Believe it or not bankruptcy does have seasonality to it. The number of consumer bankruptcies and proposals is lowest in January and December in most years and highest in March. Summer is usually a quiet period followed by an increase again in the fall.
Some of this makes sense based on how we live our lives. Most people are busy in December with Christmas planning and prefer to postpone any financial decisions to the New Year. In the summer, Canadians are trying to relax, perhaps enjoy a vacation and so may ignore pressing financial issues.
But there is also a practical reason why insolvencies follow this month to month pattern.
In most cases, people would file a bankruptcy to gain legal protection from creditors when faced with an overwhelming debt load. For most, the timing of filing is usually when the pressure becomes too much and relief is needed.
In some cases, the timing could make a difference.
For example, if you are unemployed and have limited income and no assets, you might consider waiting until you’re back to work before filing. You don’t necessarily need the protection a bankruptcy provides to stop a wage garnishment if you have no wages.
If however your creditors are calling and threatening legal action, you may need to file bankruptcy right away to stop those activities.
If you normally get a tax refund, January or February might be a bad time to file for you.
Your tax refunds for any years taxes that need filing, plus the refund from the year you file go to your bankruptcy estate.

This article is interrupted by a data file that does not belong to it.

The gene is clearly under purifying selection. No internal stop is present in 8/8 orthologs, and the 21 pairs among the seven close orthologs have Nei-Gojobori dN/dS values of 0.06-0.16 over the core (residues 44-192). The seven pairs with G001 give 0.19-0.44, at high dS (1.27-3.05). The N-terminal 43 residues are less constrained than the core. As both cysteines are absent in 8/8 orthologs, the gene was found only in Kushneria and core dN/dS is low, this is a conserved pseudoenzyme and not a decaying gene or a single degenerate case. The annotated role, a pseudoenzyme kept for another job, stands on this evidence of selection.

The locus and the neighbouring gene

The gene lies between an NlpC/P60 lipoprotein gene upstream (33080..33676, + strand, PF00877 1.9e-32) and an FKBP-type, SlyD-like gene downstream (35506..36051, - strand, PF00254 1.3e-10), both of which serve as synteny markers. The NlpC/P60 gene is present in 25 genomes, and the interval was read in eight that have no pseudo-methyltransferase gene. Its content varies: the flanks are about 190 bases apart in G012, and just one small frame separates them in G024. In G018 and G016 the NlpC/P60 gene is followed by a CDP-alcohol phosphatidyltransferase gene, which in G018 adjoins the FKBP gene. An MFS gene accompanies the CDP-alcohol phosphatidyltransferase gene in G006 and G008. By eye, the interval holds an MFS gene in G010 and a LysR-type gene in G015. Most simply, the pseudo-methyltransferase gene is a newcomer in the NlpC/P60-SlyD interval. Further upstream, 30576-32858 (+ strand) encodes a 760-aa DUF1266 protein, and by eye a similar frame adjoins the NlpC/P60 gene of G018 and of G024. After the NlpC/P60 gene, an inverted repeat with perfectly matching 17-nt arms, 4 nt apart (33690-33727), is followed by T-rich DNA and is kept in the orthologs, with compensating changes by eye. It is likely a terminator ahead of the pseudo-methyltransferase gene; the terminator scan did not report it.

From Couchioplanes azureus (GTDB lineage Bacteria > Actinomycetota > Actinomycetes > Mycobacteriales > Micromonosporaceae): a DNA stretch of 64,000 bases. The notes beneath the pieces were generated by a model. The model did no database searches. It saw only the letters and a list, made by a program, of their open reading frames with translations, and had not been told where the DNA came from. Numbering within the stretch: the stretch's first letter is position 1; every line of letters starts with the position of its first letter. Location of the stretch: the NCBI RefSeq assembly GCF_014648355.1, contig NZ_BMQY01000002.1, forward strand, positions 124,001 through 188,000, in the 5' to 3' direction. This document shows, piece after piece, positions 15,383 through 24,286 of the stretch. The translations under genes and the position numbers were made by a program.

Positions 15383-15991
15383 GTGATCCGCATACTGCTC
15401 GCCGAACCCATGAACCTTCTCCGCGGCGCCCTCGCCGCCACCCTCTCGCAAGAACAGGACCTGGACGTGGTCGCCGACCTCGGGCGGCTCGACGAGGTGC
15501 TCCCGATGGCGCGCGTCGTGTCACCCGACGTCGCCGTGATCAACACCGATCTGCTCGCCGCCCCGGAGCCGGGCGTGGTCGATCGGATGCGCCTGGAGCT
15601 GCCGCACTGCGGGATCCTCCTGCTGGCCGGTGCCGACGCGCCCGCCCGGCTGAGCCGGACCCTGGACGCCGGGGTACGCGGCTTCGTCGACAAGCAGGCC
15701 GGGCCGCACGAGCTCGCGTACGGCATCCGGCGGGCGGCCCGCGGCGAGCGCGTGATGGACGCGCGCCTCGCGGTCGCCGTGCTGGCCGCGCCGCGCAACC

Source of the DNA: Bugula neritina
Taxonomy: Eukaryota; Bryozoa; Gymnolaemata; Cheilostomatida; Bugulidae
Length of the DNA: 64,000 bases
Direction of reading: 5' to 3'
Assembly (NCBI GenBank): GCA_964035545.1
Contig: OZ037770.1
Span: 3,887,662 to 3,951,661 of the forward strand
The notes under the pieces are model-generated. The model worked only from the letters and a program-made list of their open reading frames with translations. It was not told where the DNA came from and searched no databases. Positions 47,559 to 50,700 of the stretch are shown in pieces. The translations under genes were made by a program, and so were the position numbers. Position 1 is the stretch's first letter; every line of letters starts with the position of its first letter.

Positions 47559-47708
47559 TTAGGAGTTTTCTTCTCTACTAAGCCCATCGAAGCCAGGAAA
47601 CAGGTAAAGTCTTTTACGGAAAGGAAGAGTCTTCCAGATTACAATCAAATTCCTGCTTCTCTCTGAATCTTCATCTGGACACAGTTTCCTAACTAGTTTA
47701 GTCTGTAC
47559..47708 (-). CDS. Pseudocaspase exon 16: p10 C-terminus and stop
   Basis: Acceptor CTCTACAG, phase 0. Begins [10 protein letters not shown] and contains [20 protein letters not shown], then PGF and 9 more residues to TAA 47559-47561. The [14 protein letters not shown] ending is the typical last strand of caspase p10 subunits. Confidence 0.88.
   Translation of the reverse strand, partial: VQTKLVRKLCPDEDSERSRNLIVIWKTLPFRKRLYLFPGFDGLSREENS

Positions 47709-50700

Early in a calendar (January and February for example) you likely would not yet have filed taxes for the previous year as you don’t normally get t-slips until the end of February, so therefore if you file bankruptcy in that period, the refund would go to the bankruptcy estate along with the refund next spring. This is many people wait until after their tax returns have been filed and they have received their refund to declare bankruptcy.
If you’ve recently sold/transferred/disposed of assets, borrowed money or make big payments to certain creditors, the timing of the bankruptcy could matter as the trustee may have certain obligations to investigate those types of transactions. If you think any of these types of transactions might apply to you, be sure to discuss them with your trustee before making any decisions about the timing of when to file or whether other options to deal with your debts may be more appropriate.
Ultimately, if filing an assignment in bankruptcy, you can essentially determine the timing of when you file. The process starts with a phone call to our office or use the contact form provided to send us your questions. We offer a free consultation service, so call today and let’s get started.
One thing that is common, most people who do meet with us say they wish they had done so sooner.